Tuesday, 1 May 2012

Saved from the dustbin (7)

The elder readers of this blog may remember Scottish skiffle singer Lonnie Donegan. In the very early sixties he had a hit with the prozaic title My Old Man's A Dustman. This intro serves to tell you that also in KLM Cargo we have our own dustmen viz. Aris Zwart and Bert Besseling. They were the guys who saved all pictures shown in this series from destruction by being too quick for the Danish colleagues of Lonnie's father. For more details please see Dustbin  (1).  In any case I'm glad they did because it gives me a chance to show you some of these pictures and write about them.
The first two shots give an impression of what travel was like in the thirties. At the time KLM operated a scheduled service to Batavia, currently known as Jakarta, Indonesia. There was an intermediate stop in Palembang on the southern part of Sumatra. Looking at the first picture the airstrip was located right in the middle of the jungle. Based on the fact that the aircraft does not show a name below the cockpit, I presume this is a DC2 and not a DC3. If that is correct, the picture can be dated around 1935.
Palembang airport around 1935 with the "terminal" in the background.
The picture below shows the terminal facilities of Palembang. Please note the purserlike person in the doorway. The scene radiates a very relaxing atmosphere.
Captain Scholte entertaining his passengers?
While being in the Far East, here's a picture from down yonder. Australian National Airways Pty Ltd, mentioned on this hangar at SYD-airport, later became part of Ansett ANA. The DC3 in the foreground, the VH-ABR, crashlanded in New South Wales in 1948 but it was rebuilt and still around five years ago!
A hangar at the airport of Sydney. It probably doesn't exist anymore.
Before the second world war it was necessary to make absolutely clear that your plane was a civil aircraft and not a military plane. Hence the abundant identification.
Dakota DC3 PH-ASM. It was a KLM-plane between July 1939 and  May 16, 1940
when it was confiscated by the Luftwaffe. The German Airforce employed this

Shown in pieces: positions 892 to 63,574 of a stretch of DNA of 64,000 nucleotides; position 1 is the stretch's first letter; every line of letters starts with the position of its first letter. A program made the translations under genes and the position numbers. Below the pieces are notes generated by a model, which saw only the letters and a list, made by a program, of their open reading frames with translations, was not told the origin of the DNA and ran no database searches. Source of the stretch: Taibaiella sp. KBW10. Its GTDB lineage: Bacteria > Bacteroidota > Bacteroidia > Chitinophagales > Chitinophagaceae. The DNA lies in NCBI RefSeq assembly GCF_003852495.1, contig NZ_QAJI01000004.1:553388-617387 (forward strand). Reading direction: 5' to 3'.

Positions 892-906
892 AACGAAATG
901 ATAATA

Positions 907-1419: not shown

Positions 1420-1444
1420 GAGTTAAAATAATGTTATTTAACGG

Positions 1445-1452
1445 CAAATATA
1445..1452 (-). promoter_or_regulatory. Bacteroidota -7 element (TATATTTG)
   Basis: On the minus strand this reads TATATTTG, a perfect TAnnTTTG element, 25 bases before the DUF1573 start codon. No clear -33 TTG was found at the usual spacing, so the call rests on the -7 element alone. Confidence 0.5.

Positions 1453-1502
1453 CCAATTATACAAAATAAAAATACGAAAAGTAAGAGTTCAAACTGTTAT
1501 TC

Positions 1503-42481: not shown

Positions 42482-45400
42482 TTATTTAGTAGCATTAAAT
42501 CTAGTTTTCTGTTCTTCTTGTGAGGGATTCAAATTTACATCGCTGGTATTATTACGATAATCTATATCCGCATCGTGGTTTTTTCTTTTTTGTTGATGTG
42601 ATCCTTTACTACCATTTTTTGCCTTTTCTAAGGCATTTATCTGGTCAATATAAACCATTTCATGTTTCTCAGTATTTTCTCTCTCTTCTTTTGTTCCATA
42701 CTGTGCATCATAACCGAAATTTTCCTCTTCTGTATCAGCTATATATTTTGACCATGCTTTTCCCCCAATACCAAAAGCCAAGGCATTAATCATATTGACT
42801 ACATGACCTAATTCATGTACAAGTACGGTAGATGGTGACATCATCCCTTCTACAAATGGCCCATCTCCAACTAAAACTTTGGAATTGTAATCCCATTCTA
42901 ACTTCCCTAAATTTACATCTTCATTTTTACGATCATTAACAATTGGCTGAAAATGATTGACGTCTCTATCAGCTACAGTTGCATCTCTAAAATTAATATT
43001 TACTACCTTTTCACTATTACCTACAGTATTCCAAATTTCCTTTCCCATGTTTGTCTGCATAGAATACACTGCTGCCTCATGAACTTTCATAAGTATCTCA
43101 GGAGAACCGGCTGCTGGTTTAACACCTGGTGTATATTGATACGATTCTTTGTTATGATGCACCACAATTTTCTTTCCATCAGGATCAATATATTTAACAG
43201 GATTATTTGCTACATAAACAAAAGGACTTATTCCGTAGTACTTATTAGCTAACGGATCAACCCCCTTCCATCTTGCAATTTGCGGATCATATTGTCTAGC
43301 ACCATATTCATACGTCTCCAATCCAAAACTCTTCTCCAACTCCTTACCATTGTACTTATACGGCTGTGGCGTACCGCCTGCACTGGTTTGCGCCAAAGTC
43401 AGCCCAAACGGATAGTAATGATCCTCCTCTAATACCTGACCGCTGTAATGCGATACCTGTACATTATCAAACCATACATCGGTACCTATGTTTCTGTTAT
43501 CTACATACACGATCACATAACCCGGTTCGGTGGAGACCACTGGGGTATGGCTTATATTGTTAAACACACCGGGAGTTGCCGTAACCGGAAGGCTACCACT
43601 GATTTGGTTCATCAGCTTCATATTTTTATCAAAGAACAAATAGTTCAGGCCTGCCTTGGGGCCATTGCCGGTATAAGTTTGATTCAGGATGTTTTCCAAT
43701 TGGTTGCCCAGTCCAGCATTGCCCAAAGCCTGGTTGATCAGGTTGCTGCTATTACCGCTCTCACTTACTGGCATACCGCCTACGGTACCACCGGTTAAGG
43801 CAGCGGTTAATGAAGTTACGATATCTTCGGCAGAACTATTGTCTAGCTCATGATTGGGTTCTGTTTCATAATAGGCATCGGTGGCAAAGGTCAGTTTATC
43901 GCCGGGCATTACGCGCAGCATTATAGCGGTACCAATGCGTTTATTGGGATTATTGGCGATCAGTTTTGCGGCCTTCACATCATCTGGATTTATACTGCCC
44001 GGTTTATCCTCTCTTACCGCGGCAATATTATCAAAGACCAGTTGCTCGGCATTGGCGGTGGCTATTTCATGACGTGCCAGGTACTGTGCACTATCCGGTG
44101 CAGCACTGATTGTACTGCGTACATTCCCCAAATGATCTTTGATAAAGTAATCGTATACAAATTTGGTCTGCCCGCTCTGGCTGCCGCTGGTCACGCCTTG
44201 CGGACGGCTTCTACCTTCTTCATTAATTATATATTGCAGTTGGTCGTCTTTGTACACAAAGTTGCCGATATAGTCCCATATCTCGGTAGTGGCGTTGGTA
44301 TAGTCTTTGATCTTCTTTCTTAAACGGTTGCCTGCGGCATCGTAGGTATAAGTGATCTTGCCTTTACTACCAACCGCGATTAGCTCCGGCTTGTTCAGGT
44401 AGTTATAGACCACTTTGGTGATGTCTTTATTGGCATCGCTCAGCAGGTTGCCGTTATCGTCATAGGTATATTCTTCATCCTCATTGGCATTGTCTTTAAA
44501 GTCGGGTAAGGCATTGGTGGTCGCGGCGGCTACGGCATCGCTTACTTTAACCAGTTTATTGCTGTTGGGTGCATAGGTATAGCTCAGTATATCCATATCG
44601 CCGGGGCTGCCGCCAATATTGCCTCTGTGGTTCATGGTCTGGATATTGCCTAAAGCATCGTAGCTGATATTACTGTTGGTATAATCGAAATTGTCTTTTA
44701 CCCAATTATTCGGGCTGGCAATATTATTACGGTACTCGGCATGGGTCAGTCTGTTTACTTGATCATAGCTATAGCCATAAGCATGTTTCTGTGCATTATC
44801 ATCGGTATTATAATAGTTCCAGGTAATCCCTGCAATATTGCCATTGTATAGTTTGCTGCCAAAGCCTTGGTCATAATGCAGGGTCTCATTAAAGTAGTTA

aircraft at least until September 1944. Its final destiny is unknown.
As is demonstrated by the picture below, also after WW2 it was apparently necessary to clearly show ones identification.
Douglas DC4 PH-TAP. As its name 'Paramaribo' does not appear where
it should be (on the nose), this shot is probably taken prior to its baptism on
June 21, 1946 but after May 31 that year when it was registered in KLM's name.
Fuel consumption is one of the main cost factors for the airlines today. This in spite of the fact that fuel efficiency has greatly improved over the past decades. The Douglas DC7C, capable of carrying approx. 100 passengers, was able to tank some 34,800 liters. But looking at its empty weight (33,000 kgs) and its maximum take off weight (almost 65,000 kgs), filling the tanks to the brim hardly left any capacity for passengers... But then, I may be wrong here. But right or wrong, it is a very illustrative picture.
Douglas DC7C, PH-DSL 'Baltic Sea'. The picture is said to show
174 barrels of 200 liters each totalling 34,000 liters.
Picture made between 8 Apr.1957 and Oct. 13, 1964.
As usual all data related to these aircraft, come from the unsurpassed site of Herman Dekker.


  1. It really looks like a DC3 that one in Palembang. I have been comparing pics on google images and the DC2 is a bit more squarish and the wheel suspension looks different too. DC2 has got the words Uiver on the nose, or perhaps not on all of them.
    The both stand on their one hindwheel, hard to see. These are wonderful aircraft and I can even remember flying in a DC4, fantastic.
    When in Darwin I happened to see a Conny fly over on a historic flight. I couldn't believe my eyes. In 1952 I flew in one. They were almost indestructable. Most pilots loved them, they were steady ships in the air.

  2. You may be right!
    There was just one DC2 with the name "Uiver", that was the PH-AJU.
    Thanks for your comments.

  3. The photograph of PH-ASM looks like it has been retouched. Especially the letters "SM" look funny.
    Otherwise great shots.

  4. @Rob
    I can vouch for the fact that neither this picture, nor any other one in this series, has been tampered with. However, I agree with you that some of these letters look kind of amateurish. But you have to appreciate the fact that this lettering has been applied some time during the thirties when not everything was as professional as it is today. Maybe it was a case of bad planning and the (self made?) M was a bit too large for the available space.
    In any case, thanks for commenting.

  5. The large markings HOLLAND were applied when World War Two broke out....Holland was a neutral country so KLM continued operating where they could... they were not permitted to cross French Airspace and were only allowed to land at Shoreham on England's South Coast. Rob can probably correct me, but I think it was after a KLM Douglas was shot up by the Luftwaffe on a Scaninavian service KLM painted their DC-2s and DC-3s orange with the large HOLLAND signs. In the spring of 1940 they even launched a non-stop over-water Amsterdam-Portugal DC-3 flight to link up with the new Pan Am Clipper flying boat service from New York but only managed a few flights before Holland was invaded.

  6. @Mick
    Thanks for your comment, much appreciated, I wasn't aware of these facts.


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